Primaries forcing front-runners to sharpen campaigns; Super Tuesday results leave Democrats with no clear-cut front-runner and a long way to go
This is a presidential race people won't soon forget. Super Tuesday's vote in nine states was once expected to settle the Democratic campaign for the White House. Instead, it has sent candidates, pollsters, and reporters hurrying toward the next big contests in search of the eventual winner.
The experts are scratching their heads. For once, they admit they really don't know what is going to happen next.
There was good news in the Super Tuesday vote for both Gary Hart and Walter Mondale. But there were also trends in the voting that concern each camp.
Momentum is now the key for both Mr. Mondale and Senator Hart. Mondale once had it. Hart enjoyed it after New Hampshire.
But after Super Tuesday, the momentum in this race appears to have shifted, with no candidate clearly in control.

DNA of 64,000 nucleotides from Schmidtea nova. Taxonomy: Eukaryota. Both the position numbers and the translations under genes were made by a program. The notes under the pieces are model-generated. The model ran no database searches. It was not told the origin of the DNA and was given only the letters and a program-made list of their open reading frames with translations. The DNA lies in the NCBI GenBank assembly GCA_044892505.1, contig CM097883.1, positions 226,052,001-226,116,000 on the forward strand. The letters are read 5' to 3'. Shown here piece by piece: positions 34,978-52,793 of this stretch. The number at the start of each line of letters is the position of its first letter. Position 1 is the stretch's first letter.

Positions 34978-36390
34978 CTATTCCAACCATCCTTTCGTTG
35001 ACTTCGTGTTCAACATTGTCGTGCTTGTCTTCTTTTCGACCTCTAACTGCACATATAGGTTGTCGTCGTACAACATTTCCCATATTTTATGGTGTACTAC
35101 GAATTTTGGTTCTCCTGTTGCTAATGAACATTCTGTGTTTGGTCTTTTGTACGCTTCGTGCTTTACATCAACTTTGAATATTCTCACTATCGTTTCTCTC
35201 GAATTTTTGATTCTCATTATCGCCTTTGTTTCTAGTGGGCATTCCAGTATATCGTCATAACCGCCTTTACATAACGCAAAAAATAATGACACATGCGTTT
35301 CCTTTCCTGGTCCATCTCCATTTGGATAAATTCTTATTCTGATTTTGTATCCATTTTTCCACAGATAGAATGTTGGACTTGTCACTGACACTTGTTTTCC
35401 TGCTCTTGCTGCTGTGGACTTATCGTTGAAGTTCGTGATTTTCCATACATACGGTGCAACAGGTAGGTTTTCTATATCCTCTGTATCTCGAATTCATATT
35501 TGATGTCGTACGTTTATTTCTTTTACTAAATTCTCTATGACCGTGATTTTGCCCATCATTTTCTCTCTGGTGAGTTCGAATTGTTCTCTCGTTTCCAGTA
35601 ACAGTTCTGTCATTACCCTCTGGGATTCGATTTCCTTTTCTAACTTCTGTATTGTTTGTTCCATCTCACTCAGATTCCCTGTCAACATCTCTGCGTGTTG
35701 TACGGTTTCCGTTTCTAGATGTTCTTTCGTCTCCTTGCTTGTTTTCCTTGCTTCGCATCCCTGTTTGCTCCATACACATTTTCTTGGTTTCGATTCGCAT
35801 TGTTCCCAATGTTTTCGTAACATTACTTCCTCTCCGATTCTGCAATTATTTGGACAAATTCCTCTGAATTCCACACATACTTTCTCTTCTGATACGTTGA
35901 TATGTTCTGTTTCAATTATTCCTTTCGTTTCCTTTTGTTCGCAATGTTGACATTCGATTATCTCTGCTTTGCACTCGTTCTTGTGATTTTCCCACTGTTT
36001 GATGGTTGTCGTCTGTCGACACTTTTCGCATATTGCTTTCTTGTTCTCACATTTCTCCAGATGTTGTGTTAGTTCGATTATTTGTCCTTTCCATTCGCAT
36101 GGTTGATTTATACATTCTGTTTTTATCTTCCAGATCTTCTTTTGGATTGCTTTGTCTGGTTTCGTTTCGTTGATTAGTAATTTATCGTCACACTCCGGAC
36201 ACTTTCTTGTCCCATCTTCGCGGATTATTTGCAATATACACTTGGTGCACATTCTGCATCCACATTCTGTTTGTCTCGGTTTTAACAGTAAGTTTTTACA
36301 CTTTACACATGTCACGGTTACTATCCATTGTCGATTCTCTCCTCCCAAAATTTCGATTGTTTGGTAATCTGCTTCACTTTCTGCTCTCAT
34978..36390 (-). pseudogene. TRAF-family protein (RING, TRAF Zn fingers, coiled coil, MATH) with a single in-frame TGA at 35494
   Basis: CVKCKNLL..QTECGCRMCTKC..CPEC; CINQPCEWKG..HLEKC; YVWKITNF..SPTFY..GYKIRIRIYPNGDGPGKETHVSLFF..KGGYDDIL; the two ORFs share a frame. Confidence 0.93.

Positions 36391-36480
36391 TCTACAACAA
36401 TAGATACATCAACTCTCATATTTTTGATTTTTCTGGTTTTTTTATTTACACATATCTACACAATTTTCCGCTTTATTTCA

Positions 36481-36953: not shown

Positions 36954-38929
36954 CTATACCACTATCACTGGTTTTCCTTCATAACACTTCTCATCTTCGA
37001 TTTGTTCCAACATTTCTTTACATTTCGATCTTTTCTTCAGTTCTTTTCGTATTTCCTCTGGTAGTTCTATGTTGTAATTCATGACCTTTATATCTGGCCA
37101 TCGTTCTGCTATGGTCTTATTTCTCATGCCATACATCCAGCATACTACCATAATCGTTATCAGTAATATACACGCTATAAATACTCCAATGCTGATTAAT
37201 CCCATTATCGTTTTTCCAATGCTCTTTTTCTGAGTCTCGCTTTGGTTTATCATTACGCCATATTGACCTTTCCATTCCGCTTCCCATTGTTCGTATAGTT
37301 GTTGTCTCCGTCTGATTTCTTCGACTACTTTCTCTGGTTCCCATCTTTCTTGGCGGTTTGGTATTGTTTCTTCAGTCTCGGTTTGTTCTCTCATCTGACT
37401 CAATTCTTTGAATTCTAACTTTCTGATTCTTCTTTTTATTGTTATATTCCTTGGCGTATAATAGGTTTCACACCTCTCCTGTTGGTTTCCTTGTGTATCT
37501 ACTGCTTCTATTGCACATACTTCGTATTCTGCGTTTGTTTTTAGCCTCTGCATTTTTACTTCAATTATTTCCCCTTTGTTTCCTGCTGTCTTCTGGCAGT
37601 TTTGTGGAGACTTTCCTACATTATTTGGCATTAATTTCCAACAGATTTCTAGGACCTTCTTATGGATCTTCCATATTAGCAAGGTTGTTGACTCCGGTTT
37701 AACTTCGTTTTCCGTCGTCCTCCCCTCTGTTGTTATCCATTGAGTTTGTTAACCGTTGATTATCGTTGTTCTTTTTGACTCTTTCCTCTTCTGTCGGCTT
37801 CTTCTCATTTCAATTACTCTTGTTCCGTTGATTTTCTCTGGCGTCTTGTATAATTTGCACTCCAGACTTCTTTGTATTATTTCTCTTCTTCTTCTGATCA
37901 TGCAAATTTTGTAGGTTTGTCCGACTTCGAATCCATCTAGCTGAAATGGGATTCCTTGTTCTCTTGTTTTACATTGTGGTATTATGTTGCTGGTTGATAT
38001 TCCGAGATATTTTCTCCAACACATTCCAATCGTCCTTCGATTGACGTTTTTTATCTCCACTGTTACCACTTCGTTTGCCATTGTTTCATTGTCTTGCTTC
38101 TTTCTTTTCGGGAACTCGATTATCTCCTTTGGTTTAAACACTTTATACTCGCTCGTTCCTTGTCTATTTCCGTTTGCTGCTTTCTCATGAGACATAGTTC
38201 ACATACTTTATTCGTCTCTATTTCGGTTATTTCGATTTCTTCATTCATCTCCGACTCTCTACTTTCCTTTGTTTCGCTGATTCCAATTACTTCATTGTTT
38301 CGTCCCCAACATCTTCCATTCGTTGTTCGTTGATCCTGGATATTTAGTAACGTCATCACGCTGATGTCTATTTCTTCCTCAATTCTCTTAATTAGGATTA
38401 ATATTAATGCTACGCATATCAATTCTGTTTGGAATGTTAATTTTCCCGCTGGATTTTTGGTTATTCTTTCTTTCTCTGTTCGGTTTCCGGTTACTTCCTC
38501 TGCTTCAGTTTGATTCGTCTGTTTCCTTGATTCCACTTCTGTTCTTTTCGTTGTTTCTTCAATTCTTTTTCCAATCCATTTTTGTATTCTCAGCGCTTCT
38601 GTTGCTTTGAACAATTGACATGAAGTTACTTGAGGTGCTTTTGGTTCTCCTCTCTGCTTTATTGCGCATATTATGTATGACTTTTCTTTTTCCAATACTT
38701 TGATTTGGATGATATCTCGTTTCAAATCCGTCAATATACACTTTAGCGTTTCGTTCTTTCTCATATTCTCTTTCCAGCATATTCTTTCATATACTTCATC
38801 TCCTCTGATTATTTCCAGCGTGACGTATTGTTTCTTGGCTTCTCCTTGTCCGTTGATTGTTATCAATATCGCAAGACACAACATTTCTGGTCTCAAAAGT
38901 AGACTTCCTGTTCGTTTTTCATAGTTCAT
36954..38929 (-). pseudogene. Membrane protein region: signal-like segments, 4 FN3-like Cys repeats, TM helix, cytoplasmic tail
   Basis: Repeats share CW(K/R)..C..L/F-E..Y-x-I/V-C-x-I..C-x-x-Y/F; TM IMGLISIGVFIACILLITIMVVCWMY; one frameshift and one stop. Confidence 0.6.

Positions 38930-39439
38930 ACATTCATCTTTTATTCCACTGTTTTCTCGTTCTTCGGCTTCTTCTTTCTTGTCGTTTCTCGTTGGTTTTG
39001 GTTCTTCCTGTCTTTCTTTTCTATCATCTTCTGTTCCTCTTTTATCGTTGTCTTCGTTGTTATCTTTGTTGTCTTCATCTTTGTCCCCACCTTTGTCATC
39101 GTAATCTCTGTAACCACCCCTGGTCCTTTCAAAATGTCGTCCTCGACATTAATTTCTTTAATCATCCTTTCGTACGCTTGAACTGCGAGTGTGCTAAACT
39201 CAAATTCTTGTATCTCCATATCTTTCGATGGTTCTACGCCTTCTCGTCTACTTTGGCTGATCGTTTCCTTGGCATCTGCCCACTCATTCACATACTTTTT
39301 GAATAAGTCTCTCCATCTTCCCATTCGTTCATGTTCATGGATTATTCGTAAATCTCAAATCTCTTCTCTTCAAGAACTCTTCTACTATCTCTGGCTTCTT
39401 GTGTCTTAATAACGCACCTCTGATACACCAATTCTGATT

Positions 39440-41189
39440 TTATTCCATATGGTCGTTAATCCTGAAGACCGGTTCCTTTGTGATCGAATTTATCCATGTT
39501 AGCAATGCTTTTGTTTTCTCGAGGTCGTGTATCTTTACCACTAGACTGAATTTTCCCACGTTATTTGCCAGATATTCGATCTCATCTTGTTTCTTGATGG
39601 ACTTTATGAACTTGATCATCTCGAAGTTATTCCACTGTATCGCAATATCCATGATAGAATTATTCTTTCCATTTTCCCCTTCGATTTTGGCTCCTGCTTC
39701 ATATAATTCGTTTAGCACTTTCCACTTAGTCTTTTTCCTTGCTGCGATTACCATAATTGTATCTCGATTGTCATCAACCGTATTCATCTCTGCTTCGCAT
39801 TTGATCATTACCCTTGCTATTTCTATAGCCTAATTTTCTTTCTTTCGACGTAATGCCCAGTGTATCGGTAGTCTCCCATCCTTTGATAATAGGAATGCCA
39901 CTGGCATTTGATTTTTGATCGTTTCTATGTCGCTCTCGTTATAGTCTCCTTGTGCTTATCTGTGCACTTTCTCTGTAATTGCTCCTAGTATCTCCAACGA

Even before Tuesday, political analysts had picked up the first indications that something was changing. The evidence was sketchy. But it suggested that Hart's stunning momentum during the past two weeks had begun to slow.
Tuesday's vote indicated that Hart's support may be reaching a plateau, which could make it much harder for him to wrap up this campaign without a long, hard fight.
The Mondale-Hart race, according to some analysts, could now turn into a political marathon, extending right through spring and into the national convention in July.
Super Tuesday, however, did settle a few things:
* Gary Hart could claim the title of front-runner. His impresssive victories in New England, Florida, and the West have proved that he is the man to beat, and that he can win races outside the Northeast.
* Walter Mondale gained his second wind - and for the first time defeated Senator Hart in a primary vote, with triumphs in Georgia and Alabama.